Cancer patients’ financial help

ACCESS to financial support is essential for cancer patients and Macmillan Cancer Support has so far helped Scottish patients apply for the £100 million of benefits.

Macmillan Cancer Support are now campaigning for every cancer patient to have routine access to financial support and they plan on asking the next Scottish Parliament to commit to a personalised care plan highlighting the finanical support available to patients in their area.

The charity is also urging Scots to back its calls by signing up to its Change Cancer Care Today online campaign. Each sign up triggers an email highlighting the charity’s calls to local candidates standing in the forthcoming Scottish Parliament elections.

The next Parliament is being asked to put people at the heart of its services and commit to: information, support and benefits advice as a routine part of the cancer journey; access to a cancer clinical nurse specialist for everyone diagnosed with cancer; transform post-treatment care to meet the needs of patients.

In the Borders the Borders Macmillan Welfare Benefits Partnership of Macmillan, Scottish Borders Council’s Welfare Benefits Service, NHS Borders and The Pension Service has helped secure more than £2.6 million for local people affected by cancer since it launched 18 months ago .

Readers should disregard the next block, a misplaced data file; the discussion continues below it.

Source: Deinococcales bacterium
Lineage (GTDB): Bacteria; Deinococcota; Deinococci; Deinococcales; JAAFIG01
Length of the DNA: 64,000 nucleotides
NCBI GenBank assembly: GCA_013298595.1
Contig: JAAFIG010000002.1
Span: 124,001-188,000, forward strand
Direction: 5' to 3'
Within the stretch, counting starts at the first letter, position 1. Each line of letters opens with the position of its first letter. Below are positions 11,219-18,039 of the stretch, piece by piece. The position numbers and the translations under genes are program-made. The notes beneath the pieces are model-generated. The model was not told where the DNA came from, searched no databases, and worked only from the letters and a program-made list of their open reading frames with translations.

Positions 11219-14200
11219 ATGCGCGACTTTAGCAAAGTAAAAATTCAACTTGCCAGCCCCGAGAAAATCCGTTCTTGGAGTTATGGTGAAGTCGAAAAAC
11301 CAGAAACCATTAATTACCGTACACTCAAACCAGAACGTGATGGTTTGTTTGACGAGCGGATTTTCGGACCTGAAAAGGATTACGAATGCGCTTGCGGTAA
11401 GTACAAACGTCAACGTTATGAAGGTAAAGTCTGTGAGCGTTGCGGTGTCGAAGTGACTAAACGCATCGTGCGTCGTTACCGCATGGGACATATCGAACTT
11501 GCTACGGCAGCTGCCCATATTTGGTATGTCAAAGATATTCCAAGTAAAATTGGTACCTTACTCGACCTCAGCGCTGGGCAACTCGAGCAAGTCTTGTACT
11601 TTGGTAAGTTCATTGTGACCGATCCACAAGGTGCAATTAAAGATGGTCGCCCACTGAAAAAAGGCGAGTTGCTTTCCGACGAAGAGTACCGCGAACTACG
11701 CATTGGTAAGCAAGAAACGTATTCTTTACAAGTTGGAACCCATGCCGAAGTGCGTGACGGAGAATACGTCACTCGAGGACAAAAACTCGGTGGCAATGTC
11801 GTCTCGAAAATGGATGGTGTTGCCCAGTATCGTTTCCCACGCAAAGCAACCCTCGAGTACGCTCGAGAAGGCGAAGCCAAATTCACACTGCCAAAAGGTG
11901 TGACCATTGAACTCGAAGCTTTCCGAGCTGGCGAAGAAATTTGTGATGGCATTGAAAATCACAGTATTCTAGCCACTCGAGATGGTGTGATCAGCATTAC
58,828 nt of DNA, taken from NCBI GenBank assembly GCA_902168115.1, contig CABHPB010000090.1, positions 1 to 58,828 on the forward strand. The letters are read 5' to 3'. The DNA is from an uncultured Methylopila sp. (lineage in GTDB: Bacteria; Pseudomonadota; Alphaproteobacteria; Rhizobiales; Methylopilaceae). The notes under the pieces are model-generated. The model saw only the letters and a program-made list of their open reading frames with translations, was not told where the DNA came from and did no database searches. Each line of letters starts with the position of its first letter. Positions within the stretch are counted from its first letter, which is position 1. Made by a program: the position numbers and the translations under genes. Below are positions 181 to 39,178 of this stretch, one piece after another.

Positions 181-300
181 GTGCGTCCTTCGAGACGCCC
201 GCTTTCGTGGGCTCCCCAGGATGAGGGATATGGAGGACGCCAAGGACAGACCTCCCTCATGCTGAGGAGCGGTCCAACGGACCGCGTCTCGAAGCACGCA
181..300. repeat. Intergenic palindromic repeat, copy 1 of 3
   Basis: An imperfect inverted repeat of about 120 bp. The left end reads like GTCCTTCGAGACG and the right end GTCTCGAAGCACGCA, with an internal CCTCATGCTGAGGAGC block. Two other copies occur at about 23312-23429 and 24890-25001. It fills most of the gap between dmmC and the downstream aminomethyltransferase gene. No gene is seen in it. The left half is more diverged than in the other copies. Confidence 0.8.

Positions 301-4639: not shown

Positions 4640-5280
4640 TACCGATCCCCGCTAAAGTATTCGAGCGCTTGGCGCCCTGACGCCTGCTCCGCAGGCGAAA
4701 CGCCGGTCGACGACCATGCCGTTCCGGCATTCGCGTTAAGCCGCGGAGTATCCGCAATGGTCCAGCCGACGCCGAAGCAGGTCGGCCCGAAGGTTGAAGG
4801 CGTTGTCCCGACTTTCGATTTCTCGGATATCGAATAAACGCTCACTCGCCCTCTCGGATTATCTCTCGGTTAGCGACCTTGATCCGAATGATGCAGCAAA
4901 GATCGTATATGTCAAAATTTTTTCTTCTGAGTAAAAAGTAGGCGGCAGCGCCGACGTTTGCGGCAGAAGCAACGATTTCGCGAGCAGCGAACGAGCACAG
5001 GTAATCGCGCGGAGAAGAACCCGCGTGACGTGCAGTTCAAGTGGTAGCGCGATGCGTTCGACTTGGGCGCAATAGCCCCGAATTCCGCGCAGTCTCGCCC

Someone who is grateful for support he from the Borders Macmillan Welfare Benefits Partnership is Arthur Tran.

Arthur, 79, received help to claim Attendance Allowance and a Macmillan grant after being diagnosed with lung cancer.

The retired storeman said: “I think the help my benefits adviser Marie Wilson gave me was wonderful. She told me what she thought I might be entitled to and filled in all the forms for me. It really took a weight from my shoulders.”

Typically, Macmillan advisers secure welfare benefits like Disability Living Allowance, Employment Support Allowance and extra Working Tax Credits.

More than £8 million in disability benefits is still going unclaimed by people diagnosed with terminal cancer in Scotland. But this is an improvement from 2004 when £15 million went unclaimed prior to the charity introducing its benefits services.

Elspeth Atkinson, Macmillan’s director for Scotland, said: “The stress of money worries can ultimately impact on a cancer patient’s health and the additional money can make a huge difference to the quality of their lives.

“The next Scottish Parliament must take the welfare of cancer patients seriously.”

To find out more about Macmillan’s Change Cancer Care Today campaign, visit

The Macmillan Welfare Benefits Partnership, telephone 01896 849802 or email